The use of medical aids, including contact lenses, when assessing disability

Published on: 07/06/2019


The recent case of Mart v Assessment Services Inc has brought the question of disability and medical treatment to the forefront once again.

The Equality Act 2010 offers special protection to individuals who are disabled.  For the purposes of the Equality Act, an individual will be disabled if they have a physical or mental impairment which has a substantial and long-term adverse effect on their ability to carry out normal day-to-day activities. 

An impairment will be treated as having a substantial adverse effect even if measures are being taken to correct it provided that the impairment would have that effect if measures were not in place.   Measures here, include medical treatment and the use of a prosthesis or other aid.  However, the Equality Act 2010 expressly makes clear that if a person is visually impaired they will not be classed as disabled if their condition is correctable by spectacles or contact lenses or in such other ways as may be prescribed.

There have been a number of cases relating to the extent to which measures should be taken into account when assessing disability.

For example, in Fathers v Pets At Home and another, the EAT held that relatively little evidence may be required here.  For example, it recognised that for conditions like depression it will be common knowledge that treatment such as counselling and anti-depressants will assist with the condition.  Further, in Woodrup v London Borough of Southwark, the Court of Appeal held that employers should focus on what would happen if the treatment stopped (rather than focussing on what the effect would be if it had never been in place).  This way improvements already achieved by the treatment could be taken into account.

In Mart v Assessment Services Inc, the issue of contact lenses and visual impairment arose.  The Claimant had brought a claim for discrimination on the grounds of disability, namely diplopia (commonly referred to as double vision).  Her diplopia was corrected by wearing a contact lense which visibly blacked out her eye.  As her impairment could be corrected, the Tribunal felt that this fell within the exception in the Equality Act and held that she was not disabled. The claimant appealed arguing that, whilst her double vision was corrected, her contact lense disfigured her by blacking out her eye and further argued that her condition had not been corrected as her peripheral vision was restricted due to the contact lense.

The EAT agreed with the Tribunal that her diplopia did not amount to a disability. The Claimant had not pleaded that her disfigurement or restricted vision were disabilities.  In this case there was medical evidence suggesting that her diplopia had been corrected by the contact lense and the Tribunal had not needed to take into account other consequences that were not pleaded.  In looking at the meaning of ‘correctable’ in the Equality Act, the EAT considered whether it should take into account any adverse consequences of the correction.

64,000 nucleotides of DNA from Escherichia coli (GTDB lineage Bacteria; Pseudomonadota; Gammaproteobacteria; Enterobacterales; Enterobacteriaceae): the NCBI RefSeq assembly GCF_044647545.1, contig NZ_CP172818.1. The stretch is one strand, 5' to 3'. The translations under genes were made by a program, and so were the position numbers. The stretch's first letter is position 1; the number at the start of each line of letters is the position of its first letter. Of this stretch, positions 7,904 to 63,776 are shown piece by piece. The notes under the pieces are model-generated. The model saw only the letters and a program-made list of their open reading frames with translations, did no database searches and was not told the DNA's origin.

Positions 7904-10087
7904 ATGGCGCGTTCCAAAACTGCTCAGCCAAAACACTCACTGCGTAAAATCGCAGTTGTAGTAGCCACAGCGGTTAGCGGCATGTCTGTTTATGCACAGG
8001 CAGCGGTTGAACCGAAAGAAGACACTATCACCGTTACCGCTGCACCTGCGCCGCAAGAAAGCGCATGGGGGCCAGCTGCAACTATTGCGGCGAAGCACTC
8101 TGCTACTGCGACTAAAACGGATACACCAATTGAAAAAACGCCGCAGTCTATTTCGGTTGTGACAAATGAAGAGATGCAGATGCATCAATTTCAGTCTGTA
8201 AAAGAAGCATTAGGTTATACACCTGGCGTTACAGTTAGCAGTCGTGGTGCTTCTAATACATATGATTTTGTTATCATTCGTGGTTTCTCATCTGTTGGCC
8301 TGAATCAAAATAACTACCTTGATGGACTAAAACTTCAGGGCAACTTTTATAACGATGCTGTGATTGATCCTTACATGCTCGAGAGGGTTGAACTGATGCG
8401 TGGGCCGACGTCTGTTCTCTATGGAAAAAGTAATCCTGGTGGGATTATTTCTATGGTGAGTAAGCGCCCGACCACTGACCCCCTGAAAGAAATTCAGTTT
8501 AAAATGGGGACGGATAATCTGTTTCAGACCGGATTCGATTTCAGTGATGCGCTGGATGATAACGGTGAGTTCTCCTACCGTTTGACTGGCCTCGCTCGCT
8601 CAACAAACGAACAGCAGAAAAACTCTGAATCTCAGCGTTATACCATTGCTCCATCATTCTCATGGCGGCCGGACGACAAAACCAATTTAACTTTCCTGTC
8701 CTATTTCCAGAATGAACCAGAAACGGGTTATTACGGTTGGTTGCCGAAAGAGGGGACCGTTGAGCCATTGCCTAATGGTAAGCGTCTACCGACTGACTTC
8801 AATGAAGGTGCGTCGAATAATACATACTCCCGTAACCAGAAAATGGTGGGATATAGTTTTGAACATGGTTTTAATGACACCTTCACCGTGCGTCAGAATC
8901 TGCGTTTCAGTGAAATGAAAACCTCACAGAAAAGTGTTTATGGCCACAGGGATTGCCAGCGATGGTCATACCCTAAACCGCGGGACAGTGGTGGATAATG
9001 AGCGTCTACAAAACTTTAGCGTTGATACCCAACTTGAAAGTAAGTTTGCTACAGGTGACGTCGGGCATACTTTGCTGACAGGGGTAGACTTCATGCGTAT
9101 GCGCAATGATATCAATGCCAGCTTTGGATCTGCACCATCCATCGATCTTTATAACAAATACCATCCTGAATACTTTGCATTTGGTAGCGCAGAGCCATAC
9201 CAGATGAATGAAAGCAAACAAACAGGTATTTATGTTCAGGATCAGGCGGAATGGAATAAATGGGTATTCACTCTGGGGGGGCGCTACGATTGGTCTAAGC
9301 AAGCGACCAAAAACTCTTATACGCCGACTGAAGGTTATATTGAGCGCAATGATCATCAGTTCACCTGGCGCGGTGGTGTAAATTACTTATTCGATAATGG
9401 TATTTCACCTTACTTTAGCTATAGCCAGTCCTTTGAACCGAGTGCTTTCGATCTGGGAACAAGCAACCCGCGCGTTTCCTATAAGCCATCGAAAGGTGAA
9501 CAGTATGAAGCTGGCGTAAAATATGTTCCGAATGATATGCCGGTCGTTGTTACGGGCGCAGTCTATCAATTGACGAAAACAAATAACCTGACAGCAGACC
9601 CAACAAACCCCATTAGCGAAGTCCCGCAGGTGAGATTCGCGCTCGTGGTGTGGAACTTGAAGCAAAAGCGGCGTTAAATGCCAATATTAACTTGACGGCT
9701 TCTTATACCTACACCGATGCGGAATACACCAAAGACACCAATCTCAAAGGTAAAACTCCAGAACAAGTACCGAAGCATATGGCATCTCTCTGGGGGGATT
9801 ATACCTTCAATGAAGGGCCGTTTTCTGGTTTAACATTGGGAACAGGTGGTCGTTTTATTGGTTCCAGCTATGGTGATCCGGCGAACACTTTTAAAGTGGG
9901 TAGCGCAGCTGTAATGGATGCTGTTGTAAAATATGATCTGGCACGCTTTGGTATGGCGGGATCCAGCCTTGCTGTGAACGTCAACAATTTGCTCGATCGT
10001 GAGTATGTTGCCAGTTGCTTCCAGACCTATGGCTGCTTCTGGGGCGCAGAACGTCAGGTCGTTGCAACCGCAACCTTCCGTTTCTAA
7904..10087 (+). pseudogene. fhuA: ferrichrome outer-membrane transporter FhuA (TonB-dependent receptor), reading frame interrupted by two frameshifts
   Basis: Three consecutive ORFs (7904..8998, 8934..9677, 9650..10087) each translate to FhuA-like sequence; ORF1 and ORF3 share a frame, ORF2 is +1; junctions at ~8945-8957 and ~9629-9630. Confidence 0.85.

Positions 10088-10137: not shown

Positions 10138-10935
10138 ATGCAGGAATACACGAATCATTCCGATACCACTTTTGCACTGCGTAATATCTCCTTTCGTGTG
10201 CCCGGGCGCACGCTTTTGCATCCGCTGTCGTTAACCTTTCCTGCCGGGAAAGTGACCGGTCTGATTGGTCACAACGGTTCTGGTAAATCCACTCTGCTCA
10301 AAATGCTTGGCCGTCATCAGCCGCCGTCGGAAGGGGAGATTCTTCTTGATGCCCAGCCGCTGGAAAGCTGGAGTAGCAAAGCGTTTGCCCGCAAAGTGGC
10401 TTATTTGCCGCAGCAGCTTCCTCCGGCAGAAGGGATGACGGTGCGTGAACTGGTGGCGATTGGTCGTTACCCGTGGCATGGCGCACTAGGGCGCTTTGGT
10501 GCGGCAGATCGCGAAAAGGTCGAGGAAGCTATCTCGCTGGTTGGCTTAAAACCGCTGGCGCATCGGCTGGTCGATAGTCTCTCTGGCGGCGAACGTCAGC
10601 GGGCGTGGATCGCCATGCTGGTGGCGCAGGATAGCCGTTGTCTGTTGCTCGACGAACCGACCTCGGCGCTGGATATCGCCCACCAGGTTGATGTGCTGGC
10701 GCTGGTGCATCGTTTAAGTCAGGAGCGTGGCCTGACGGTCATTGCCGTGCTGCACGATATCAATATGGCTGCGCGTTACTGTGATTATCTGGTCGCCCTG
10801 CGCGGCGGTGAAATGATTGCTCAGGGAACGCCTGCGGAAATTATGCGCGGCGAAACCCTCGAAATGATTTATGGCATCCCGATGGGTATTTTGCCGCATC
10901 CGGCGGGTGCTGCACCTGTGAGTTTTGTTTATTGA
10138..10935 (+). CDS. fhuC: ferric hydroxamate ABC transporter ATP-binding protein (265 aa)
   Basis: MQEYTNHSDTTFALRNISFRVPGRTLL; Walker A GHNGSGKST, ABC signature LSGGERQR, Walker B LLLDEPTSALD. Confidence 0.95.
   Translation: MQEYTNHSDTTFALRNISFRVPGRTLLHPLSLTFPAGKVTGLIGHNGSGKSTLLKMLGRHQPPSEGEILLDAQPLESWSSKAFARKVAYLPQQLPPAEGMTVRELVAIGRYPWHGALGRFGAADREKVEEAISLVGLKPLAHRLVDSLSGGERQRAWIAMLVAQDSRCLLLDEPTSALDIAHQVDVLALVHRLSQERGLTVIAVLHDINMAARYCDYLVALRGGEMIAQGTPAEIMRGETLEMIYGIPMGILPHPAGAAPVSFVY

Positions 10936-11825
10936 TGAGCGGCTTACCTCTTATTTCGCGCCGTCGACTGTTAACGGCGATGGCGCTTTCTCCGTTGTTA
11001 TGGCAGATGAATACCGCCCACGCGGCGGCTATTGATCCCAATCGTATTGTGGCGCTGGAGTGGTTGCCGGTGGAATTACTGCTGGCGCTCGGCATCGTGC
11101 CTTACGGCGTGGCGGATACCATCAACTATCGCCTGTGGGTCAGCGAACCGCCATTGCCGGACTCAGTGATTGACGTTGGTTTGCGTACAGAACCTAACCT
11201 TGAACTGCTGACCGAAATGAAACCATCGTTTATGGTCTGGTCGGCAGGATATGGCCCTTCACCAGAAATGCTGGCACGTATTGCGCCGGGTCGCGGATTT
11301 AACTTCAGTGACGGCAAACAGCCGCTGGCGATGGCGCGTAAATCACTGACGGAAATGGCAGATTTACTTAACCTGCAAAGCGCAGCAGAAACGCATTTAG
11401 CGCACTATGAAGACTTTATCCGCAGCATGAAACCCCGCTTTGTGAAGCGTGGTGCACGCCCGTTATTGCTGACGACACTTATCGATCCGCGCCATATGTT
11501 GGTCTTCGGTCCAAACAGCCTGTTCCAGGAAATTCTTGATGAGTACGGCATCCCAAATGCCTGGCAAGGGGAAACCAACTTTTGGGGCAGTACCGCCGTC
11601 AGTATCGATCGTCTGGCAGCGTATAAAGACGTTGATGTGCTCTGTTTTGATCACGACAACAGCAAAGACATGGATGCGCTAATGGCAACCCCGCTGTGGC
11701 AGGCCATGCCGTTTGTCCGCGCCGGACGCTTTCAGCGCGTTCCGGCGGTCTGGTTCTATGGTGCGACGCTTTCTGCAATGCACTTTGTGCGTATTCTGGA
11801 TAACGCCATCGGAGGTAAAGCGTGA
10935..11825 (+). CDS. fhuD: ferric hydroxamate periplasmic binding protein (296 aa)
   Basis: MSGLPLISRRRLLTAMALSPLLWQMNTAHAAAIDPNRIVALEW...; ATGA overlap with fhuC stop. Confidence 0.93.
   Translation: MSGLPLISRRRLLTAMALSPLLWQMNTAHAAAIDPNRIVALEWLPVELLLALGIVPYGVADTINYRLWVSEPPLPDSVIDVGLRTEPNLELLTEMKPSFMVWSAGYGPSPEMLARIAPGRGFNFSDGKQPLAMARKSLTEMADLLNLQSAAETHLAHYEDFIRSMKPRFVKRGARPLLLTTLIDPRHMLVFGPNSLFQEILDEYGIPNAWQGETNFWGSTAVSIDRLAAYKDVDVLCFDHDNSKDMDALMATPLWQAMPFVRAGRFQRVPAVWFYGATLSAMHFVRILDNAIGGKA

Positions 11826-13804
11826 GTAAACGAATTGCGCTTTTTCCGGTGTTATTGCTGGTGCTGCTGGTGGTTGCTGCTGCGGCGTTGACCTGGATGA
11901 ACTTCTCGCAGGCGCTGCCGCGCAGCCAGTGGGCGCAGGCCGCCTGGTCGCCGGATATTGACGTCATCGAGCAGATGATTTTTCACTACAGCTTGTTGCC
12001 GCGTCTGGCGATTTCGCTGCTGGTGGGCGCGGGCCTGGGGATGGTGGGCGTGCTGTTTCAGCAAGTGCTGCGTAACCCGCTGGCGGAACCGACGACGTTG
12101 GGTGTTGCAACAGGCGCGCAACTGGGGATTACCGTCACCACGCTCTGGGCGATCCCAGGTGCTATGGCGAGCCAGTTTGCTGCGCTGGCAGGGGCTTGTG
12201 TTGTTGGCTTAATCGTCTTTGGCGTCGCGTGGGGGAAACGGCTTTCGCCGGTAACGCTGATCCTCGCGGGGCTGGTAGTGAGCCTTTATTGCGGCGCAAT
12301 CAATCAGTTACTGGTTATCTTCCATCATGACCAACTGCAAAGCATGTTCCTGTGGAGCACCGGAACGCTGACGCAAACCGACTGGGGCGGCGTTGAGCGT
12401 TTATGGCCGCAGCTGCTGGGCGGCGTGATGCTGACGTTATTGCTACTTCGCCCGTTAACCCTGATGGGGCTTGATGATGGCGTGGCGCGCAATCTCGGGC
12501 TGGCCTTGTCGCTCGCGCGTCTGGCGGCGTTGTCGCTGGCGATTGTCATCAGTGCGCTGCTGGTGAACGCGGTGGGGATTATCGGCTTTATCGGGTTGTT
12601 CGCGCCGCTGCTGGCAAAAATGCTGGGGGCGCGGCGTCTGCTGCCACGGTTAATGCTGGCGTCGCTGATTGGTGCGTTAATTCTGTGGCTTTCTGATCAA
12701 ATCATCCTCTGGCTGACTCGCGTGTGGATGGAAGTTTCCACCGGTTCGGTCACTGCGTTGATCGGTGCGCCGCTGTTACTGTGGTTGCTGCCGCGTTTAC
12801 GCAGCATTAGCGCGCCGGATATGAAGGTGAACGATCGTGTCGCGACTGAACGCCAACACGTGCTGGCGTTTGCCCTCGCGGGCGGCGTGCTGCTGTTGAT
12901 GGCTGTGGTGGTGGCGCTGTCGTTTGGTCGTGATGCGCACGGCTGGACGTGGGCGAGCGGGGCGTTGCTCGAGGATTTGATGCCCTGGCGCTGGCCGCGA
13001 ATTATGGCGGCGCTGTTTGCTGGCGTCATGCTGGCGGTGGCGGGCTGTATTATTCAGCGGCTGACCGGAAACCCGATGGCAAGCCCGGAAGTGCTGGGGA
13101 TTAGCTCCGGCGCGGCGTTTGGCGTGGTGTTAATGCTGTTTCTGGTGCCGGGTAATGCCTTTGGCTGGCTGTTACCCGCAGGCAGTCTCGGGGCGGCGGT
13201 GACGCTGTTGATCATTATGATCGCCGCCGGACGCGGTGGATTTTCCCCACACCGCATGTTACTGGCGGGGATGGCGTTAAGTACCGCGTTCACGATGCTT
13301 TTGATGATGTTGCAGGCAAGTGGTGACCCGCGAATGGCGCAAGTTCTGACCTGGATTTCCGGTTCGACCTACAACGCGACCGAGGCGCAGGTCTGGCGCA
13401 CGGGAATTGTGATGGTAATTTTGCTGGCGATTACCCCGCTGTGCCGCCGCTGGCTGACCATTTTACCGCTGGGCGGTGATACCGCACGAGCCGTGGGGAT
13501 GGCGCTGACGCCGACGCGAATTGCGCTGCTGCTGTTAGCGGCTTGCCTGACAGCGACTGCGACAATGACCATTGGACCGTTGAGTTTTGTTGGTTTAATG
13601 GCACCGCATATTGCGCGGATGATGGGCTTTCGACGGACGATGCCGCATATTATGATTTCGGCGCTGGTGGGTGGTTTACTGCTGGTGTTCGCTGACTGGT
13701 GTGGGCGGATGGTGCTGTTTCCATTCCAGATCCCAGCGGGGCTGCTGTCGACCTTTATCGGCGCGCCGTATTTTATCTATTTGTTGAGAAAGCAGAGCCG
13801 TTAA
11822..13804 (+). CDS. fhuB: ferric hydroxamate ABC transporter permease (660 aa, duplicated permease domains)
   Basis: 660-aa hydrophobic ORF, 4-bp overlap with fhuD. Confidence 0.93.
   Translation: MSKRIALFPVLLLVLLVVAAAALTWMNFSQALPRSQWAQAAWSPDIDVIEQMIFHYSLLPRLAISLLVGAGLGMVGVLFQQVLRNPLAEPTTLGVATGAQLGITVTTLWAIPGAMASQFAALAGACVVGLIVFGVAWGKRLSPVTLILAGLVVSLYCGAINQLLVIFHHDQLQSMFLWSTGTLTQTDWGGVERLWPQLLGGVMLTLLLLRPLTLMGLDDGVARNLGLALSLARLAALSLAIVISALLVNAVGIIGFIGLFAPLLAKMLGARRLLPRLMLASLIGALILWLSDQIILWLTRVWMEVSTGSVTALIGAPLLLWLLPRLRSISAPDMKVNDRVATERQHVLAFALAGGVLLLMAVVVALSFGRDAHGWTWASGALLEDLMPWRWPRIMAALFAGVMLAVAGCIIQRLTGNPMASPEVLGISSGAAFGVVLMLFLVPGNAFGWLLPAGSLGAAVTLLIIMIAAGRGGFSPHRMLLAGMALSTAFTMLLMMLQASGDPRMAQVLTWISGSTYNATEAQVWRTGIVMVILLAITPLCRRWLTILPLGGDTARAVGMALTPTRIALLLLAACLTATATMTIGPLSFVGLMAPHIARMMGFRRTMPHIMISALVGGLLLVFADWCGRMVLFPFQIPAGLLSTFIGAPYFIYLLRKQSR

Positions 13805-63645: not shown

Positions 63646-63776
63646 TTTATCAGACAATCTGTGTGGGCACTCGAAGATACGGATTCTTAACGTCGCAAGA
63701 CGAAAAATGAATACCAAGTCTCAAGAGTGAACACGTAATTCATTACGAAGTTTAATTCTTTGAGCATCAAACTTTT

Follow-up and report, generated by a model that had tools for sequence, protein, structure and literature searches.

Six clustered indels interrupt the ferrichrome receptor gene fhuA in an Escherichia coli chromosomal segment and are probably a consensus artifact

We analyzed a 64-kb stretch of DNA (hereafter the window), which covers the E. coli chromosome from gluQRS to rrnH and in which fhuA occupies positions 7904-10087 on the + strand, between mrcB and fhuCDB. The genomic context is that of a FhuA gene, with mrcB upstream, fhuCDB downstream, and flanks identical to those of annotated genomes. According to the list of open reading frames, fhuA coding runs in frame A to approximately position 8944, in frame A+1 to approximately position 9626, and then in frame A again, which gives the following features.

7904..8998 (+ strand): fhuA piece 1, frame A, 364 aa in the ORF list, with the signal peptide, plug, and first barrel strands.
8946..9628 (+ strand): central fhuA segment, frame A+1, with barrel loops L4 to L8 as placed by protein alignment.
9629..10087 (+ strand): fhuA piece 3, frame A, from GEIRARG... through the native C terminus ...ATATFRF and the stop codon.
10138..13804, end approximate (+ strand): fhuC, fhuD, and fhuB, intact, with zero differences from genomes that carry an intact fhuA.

In its opinion, the EAT felt that whether or not an impairment is "correctable" is a practical issue. It considered that regard should be given to both whether the impairment (such as diplopia) was resolved by use of the lens and also to whether the resolution brought with it unacceptable adverse consequences (such as eye discomfort or infections).  The EAT said this was a question of fact to be judged on a case by case basis.  In this instance, the lens did correct the diplopia and there was no indication in the evidence that the side effects were such as to make the use of a lens unacceptable or unworkable.  The EAT held that whilst the loss of peripheral vision may have occurred to some extent there was no evidence before the tribunal that this was such a significant side effect that the lens could not be said to provide a practical solution to her diplopia.

These cases, demonstrate the approach tribunals take when assessing disabilities which are the subject of treatment of some kind. Care should be taken as this will always be a matter of fact and assessed on a case by case basis.  In light of Mart, the position on contact lenses and glasses is not as clear cut as some may have believed.  The Equality Act does not appear to contain any proviso around the ‘correctable’ provision but the EAT has clearly put one in place which it considered reasonable.  It is worth noting also, that the outcome in Mart may well have been different had the Claimant pleaded facial disfigurement as part of her claim.   



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